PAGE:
How Does a Reverse Mortgage Work?
This is a guest blog post from John McParland, vice president of Colonial Mortgage, a division of Ross Mortgage Corporation located in Livonia, MI.
In my last blog post, “How to Use a Reverse Mortgage to Your Benefit,” I shared how a reverse mortgage can help those over the age of 62 achieve financial security after retirement and live out lifelong dreams. Today, I’ll explain how a reverse mortgage works and answer some of the most common questions we receive from individuals considering a reverse mortgage.
Essentially, a reverse mortgage allows individuals over the age of 62 to tap into the equity of their home. While the funds obtained from a reverse mortgage can be used for virtually anything, most individuals use this money to enhance their financial security after retirement, offset monthly expenses, remodel their home or spend their golden years living out lifelong dreams.
The amount of money an individual is eligible to receive from a reverse mortgage is based upon their age. The older you are, the larger the percentage of home equity you are allowed to access—none of which is taxed as income. You can access this money in one lump sum, through monthly dividends, by establishing a revolving line of credit or any combination of these three methods.
Before you apply for a reverse mortgage, you must complete one counseling session with a HUD-approved counselor. After you receive a certificate of counseling completion, you can submit your reverse mortgage application. Similar to a regular mortgage application, you will need to provide your social security number, date of birth, residence address, income and assets. However, unlike a regular mortgage, there is less emphasis put on income or credit when processing a reverse mortgage application.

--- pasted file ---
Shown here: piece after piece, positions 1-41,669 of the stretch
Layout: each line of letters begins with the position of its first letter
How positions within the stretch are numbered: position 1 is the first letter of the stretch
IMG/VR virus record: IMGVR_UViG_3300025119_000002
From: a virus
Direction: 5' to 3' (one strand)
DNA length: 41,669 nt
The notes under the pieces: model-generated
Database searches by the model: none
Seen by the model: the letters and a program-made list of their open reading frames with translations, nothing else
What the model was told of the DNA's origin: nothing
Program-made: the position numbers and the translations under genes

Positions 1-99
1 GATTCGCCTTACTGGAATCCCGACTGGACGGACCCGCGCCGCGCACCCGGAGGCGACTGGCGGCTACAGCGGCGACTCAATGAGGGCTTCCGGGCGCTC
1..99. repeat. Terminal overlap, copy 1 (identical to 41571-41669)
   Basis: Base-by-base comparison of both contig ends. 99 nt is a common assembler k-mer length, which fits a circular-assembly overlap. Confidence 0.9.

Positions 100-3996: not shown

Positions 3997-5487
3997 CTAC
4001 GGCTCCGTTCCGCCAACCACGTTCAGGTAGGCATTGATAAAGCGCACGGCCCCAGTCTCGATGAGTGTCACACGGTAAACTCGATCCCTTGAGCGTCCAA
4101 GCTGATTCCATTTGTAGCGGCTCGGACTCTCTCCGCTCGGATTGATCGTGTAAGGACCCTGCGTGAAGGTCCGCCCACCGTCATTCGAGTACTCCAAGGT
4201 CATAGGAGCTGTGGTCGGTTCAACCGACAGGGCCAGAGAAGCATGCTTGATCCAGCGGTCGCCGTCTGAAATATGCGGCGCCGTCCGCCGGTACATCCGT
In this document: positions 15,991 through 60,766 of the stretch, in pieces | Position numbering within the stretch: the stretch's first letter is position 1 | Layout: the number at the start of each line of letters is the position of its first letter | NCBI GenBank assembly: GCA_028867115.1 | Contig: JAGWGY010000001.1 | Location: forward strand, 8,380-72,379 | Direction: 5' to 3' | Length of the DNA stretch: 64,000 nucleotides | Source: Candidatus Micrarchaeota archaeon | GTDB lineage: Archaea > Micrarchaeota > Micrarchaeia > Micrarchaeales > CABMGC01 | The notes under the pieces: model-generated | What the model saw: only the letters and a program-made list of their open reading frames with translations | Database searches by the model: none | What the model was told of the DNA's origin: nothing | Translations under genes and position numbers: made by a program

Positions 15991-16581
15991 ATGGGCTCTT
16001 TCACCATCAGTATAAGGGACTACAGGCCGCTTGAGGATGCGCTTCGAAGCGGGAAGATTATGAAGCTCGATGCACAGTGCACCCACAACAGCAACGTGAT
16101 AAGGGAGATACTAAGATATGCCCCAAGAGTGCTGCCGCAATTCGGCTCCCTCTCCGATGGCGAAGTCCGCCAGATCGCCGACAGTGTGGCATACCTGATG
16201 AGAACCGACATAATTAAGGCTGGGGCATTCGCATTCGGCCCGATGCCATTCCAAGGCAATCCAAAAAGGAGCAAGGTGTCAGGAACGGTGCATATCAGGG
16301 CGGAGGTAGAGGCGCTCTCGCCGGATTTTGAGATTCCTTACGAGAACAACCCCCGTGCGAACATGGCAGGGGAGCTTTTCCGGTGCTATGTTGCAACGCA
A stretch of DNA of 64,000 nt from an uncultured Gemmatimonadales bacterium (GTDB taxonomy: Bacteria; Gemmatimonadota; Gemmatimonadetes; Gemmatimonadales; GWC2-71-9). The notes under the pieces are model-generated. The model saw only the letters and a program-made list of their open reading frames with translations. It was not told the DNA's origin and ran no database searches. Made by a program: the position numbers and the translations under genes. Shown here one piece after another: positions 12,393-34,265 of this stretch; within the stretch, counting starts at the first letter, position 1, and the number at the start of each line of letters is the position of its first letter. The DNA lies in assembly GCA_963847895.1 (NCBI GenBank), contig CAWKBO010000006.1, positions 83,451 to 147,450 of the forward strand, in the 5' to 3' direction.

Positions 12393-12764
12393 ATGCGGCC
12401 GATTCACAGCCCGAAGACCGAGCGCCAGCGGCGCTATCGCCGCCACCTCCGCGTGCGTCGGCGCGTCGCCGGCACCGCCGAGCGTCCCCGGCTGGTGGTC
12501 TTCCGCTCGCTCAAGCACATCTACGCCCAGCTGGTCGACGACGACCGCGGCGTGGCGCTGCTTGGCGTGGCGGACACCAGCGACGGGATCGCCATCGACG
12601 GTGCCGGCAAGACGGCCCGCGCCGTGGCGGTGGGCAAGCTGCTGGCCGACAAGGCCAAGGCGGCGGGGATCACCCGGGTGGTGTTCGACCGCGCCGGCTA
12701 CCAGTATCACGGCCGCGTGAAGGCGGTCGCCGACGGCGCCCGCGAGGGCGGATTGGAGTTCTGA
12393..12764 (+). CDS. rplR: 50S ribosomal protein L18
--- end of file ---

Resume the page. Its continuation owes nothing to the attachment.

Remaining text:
After you submit your reverse mortgage application, we order an appraisal to determine the value of your home. Once you’re appraisal is submitted and your application is approved, you need to make a decision on the terms of your reverse mortgage loan.
Similar to a regular mortgage loan, you can choose between a fixed or adjustable rate mortgage. This will determine the amount of interest that accrues over the life of your reverse mortgage loan, and will be added to the principal balance when the loan is repaid.
Unlike a regular mortgage, the interest rate program you choose has no immediate effect on your financial situation because you are not required to pay interest in the form of a monthly mortgage payment. And, based on the theory of property appreciation, the value of your property should increase enough over time to offset the interest you accrue over the life of your loan. You may even be able to repay your debt and pocket the extra money derived from increased equity.
The only time your reverse mortgage loan will “expire” is when you move, or move on. At this point in time, the sale of your property will be used to pay off your reverse mortgage loan. If your heirs will be handling the sale of your estate, you can feel comfortable knowing that you will not be passing on extra debt, because you are never required to pay more than what your house is worth.
After you’ve made a final decision on the terms of your reverse mortgage loan, you’ll need to complete the necessary paperwork required to close your loan. After closing, you have 72-hours to change your mind and rescind your loan with no penalty.
At Ross Mortgage, we coordinate every aspect of the reverse mortgage process, from counseling to appraisal, and can fully service your financing needs.
If you are interested in learning more about the reverse mortgage program, leave a comment below, or call me at 734.425.4520, and I would be happy to answer your questions.
John McParland is the Vice President of Colonial Mortgage, the Reverse Mortgage division of Ross Mortgage Corporation located in Livonia, MI. John has been a loan officer for 25 years and has been involved in helping thousands of seniors live a better life with the reverse mortgage program.